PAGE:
★ ★

In the wake of box-office smashes like The Hunger Games and Divergent comes first-time director Wes Ball’s adaptation of The Maze Runner, yet another sci-fi-tinged tale about a future dystopia that’s based on a popular series of young-adult novels. Unlike those first two franchises, however, this one forgoes having a strong female lead in favor of a menagerie of uninspired male characters.

The movie opens as a teen (Dylan O’Brien) suffering from total amnesia awakens in a mysterious moving elevator. He eventually arrives at a large field called “the glade,” which is populated by teen boys who verbally tease him and call him “Greenie.” He becomes disoriented, tries to run away, and eventually falls to the ground—which is when he sees that a towering, monolithic structure blocks his way.

The new kid eventually remembers that his name is Thomas, and quickly learns the rules of his disturbing new home. Everyone here is trapped, and the giant monolith is a maze that, at night, is full of frightening half-flesh, half-machine creatures called “Grievers.” Every morning, a handful of boys known as “runners” go into the maze and try to map it, and must get back before the Grievers start their patrol.

Thomas quickly proves himself worthy of being a runner; he also shows a talent for leadership, convincing the other boys that they can find a way out, even though none of them has any idea where they have ended up or who brought them here in the first place. The only clue is the acronym “W.C.K.D.” on a number of the materials that are sent to them via the same elevator that brought Thomas to the glade.

Filmmakers and screenwriters face a choice about when to begin their story: Explain everything right away, or just drop the audience into a situation and catch them up later. Ball and his three credited screenwriters—Grant Pierce Myers, Noah Oppenheim, and T.S. Nowlin—go the latter route, and for its first five minutes, The Maze Runner succeeds in drawing you into its strange world. Sadly, it never gets better than that kinetic opening, and it quickly becomes a bore to look at and a chore to sit through.

Visually, the movie has about four main sets where the scenes transpire. There’s the maze itself, where the action sequences are edited very quickly in order to keep you from noticing how bad the special effects are; the glade, which is bright and green like the shire in Peter Jackson’s Tolkien adaptations; the dark interiors of various huts the teens have built; and the “pit,” the community penalty box where Thomas seems to end up much of the time. For a movie about running, The Maze Runner is visually static, and you quickly grow tired of looking at these places.

If we had people to invest in emotionally, that lack of visual variety could be overlooked, but as hard as the young cast tries, none of them can transcend the wooden dialogue and lazy characterizations. Dylan O’Brien is a total blank as Thomas, who seems to possess no genuine special skill in this universe outside of being the most attractive and the ability to keep his hair clean without the benefit of a working shower. Will Poulter plays Gally, a member of the group who constantly discourages any attempt to leave the glade—he argues that they have everything they need, so why shake things up? Poulter is playing a totally different role here from his savvy comedic turn in We’re the Millers; there’s something Brad Pitt-like about his movements and line readings, but the character is as functional as everything else in the movie. Rather than a real person, he seems like just another plot obstacle to overcome. However, Thomas Sangster is appealing as Newt, a character who quickly befriends Thomas and will hopefully have more to do in the promised sequels.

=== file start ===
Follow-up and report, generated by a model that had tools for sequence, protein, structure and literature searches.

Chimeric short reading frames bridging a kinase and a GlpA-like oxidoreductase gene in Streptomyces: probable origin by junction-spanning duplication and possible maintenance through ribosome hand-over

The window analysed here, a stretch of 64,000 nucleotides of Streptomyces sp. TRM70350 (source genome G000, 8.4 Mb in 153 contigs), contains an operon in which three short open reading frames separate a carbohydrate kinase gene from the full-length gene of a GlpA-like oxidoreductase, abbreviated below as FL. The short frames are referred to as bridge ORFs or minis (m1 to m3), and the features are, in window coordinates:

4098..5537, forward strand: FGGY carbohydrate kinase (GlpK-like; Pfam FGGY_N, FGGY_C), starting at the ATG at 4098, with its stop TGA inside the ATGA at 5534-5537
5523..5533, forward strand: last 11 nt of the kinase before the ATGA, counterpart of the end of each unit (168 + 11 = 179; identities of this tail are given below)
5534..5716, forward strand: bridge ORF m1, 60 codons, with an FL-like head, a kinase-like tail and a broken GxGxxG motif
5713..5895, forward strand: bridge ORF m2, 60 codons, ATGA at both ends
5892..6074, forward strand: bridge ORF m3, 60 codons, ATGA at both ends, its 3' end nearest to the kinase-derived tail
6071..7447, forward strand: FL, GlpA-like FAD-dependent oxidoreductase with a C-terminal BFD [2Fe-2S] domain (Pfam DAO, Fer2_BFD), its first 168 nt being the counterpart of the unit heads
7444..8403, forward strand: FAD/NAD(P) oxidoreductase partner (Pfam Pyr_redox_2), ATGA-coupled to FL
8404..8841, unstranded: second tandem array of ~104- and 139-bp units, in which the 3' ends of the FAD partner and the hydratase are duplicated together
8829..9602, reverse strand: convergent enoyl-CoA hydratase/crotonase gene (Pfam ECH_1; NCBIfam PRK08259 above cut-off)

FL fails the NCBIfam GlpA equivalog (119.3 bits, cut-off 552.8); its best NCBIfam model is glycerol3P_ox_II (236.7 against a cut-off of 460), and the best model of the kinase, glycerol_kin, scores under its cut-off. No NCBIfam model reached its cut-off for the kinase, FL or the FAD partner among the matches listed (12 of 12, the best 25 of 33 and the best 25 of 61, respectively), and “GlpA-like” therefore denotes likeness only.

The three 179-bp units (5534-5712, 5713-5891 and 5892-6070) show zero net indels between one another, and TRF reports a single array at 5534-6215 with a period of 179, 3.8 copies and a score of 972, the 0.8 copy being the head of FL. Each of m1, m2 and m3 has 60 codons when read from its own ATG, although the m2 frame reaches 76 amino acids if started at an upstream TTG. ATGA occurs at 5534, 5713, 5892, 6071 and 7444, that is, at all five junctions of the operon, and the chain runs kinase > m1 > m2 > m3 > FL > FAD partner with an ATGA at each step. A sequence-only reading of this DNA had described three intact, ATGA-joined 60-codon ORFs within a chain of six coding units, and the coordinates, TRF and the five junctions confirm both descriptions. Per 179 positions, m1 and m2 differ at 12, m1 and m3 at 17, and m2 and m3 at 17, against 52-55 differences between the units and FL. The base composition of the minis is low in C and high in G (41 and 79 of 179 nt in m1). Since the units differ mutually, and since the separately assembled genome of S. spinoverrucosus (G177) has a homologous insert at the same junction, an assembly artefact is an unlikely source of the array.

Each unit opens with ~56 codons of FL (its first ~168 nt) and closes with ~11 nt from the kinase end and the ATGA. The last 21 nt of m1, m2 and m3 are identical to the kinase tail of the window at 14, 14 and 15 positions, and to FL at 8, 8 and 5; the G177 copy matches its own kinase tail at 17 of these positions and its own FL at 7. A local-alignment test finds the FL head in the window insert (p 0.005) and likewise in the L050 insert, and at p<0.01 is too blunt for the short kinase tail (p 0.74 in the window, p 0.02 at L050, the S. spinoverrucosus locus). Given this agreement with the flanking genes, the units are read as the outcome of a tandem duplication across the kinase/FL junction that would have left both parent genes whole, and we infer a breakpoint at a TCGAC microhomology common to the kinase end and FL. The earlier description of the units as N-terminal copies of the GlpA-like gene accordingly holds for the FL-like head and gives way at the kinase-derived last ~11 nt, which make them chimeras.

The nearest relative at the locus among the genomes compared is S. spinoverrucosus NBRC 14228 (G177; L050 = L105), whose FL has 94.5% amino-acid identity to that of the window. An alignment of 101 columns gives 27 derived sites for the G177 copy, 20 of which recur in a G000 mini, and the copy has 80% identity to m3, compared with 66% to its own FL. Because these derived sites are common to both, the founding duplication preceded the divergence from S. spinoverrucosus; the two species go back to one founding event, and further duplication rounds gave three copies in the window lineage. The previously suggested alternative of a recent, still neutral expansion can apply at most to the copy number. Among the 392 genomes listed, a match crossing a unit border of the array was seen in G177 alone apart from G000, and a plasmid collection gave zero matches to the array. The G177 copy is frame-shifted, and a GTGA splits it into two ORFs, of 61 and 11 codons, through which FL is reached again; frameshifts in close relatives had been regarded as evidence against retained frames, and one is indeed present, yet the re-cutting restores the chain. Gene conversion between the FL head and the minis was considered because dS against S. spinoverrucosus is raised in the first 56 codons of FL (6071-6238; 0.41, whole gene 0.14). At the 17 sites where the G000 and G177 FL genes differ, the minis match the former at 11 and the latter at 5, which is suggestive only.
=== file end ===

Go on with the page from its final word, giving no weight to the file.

Those intended sequels are the single biggest reason why The Maze Runner is such a dud. The filmmakers assume they’re going to have three or four movies to tell this story, so the first installment (like Divergent) sets up a number of things that don’t pay off right now, and merely hint at a tale much larger in scope. You don’t get a whole narrative with The Maze Runner; you just get act one. Because they wait so long to dole out the information, the reveal of what W.C.K.D. stands for—by a slumming Patricia Clarkson—is built up to epic proportions, and the information is so ridiculous that the moment isn’t dramatic but laugh-out-loud funny. Additionally, the storytelling is so lazy that, when it’s time for us to learn the full backstory, Thomas takes a special drug that allows him to remember everything, and then tell the others—and us—what’s really going on.

The Maze Runner is a giant waste of time. There isn’t enough “there” there. It should be a 30- or 40-minute beginning to a two-hour movie, not a feature on its own. If it gets made, the sequel might very well be better, but it’s hard to imagine anybody but devoted fans of James Dashner’s source material caring.